The world is becoming more and more connected. But at the same time, our lives are more separate than ever before – because our society is heavily divided, and not everyone benefits from digitalisation and globalisation. Where there is growing connectedness, there is also segregation and intolerance. Where borders disappear, loss of identity and alienation occur. And while technologies such as artificial intelligence (AI) and virtual reality (VR) provide ground-breaking opportunities, social differences are increasing, privacy and online safety are at stake, and polarisation and fake news seem unavoidable.
How do we ensure that digitalisation is not there to dictate us but to serve us – including those who are less digitally skilled? How do we bridge cultural and ideological differences, as well as social and economic inequality due to fast-encroaching global networks and migration? In other words: how do we ensure a connected society? At Vrije Universiteit Amsterdam, this question is central to the education and research of the profile theme: Connected World.
Connecting the disconnected
We bring together what can be (re)connected. Fellow human beings, no matter how different. Society and nature. City and countryside. Past, present and future. The real and virtual world. Human and artificial intelligence. Local, national and international politics and society. Connections that create space for expression of one’s own identity and those of others. Where there’s room for debate, but also a willingness to change and come closer together.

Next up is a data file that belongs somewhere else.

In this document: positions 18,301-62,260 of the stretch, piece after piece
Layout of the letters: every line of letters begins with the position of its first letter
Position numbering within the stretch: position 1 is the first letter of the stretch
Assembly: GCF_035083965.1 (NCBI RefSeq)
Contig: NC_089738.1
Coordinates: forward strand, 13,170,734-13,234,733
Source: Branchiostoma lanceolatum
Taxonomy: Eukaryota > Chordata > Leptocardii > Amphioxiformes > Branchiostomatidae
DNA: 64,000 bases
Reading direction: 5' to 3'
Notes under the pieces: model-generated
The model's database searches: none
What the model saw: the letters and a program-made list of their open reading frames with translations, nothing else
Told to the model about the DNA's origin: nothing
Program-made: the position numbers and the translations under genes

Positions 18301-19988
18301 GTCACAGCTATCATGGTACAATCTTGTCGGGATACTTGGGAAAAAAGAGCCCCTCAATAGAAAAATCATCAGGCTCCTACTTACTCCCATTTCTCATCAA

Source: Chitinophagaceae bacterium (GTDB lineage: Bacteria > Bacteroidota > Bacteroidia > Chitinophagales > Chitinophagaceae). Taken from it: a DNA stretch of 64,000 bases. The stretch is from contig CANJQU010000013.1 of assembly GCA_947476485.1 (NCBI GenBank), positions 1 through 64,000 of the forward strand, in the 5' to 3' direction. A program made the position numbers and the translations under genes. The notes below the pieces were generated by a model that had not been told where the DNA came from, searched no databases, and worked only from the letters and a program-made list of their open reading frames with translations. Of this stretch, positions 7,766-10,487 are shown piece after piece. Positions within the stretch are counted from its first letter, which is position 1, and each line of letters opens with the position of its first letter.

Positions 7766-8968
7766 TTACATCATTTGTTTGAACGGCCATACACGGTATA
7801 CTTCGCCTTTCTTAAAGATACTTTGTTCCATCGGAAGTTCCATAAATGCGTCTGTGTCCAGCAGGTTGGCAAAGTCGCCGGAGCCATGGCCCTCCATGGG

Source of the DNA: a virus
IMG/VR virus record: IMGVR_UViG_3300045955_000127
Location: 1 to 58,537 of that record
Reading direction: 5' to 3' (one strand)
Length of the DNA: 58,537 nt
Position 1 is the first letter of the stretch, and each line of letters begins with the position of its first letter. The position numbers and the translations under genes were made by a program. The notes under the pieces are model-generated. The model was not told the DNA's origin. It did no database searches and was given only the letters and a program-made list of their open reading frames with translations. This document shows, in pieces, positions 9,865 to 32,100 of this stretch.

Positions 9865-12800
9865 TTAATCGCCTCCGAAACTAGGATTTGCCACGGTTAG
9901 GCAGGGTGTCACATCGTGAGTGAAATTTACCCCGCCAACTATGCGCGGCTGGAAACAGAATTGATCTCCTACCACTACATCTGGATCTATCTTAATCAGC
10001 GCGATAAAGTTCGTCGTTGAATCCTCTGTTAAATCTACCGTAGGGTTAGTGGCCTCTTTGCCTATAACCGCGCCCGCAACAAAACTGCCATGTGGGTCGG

We aim for cohesiveness in our society. Historians, heritage experts, geographers and economists from VU Amsterdam work together on spatial plans for a liveable environment that’s in line with historical tradition, and that brings the existing local community and newcomers together. Linguists study how language technologies can unpack the social debate by objectively analysing information, knowledge and opinions on blogs. Our artificial intelligence experts work with theatre makers on socially intelligent robots that recognise people’s speech patterns, faces and basic emotions, so that robots can assist in healthcare or education.
Political scientists, communications experts and behavioural scientists research how we can combat polarisation and disinformation, and what motivates people to change their behaviour or to restart a dialogue, however big the barrier may be. Through gaming, we help young people to overcome negative self-image due to the pressures of social media. Through VR, we look at how we can combat problems like stress and the “plastic soup”. And in the humanities, we study how culture and nature influence each other and can be brought together in a more sustainable way.
As a university, we see an important role for ourselves in reaching a connected world. The wealth of backgrounds, cultures, religions and points of view in our diverse VU community creates a dynamic environment, sometimes leads to heated discussions, and contributes to the development of A Broader Mind among students and staff. It also ties in with our identity, in which our core values, free thinking, compassion and a critical eye play a major role.
We are proud of our VU campus, where students – many of whom are the first generation to go to university – scientists, employees, partners and Amsterdammers come together. Because virtual, international education offers wonderful opportunities, but physical contact is still indispensable when it comes to true connection.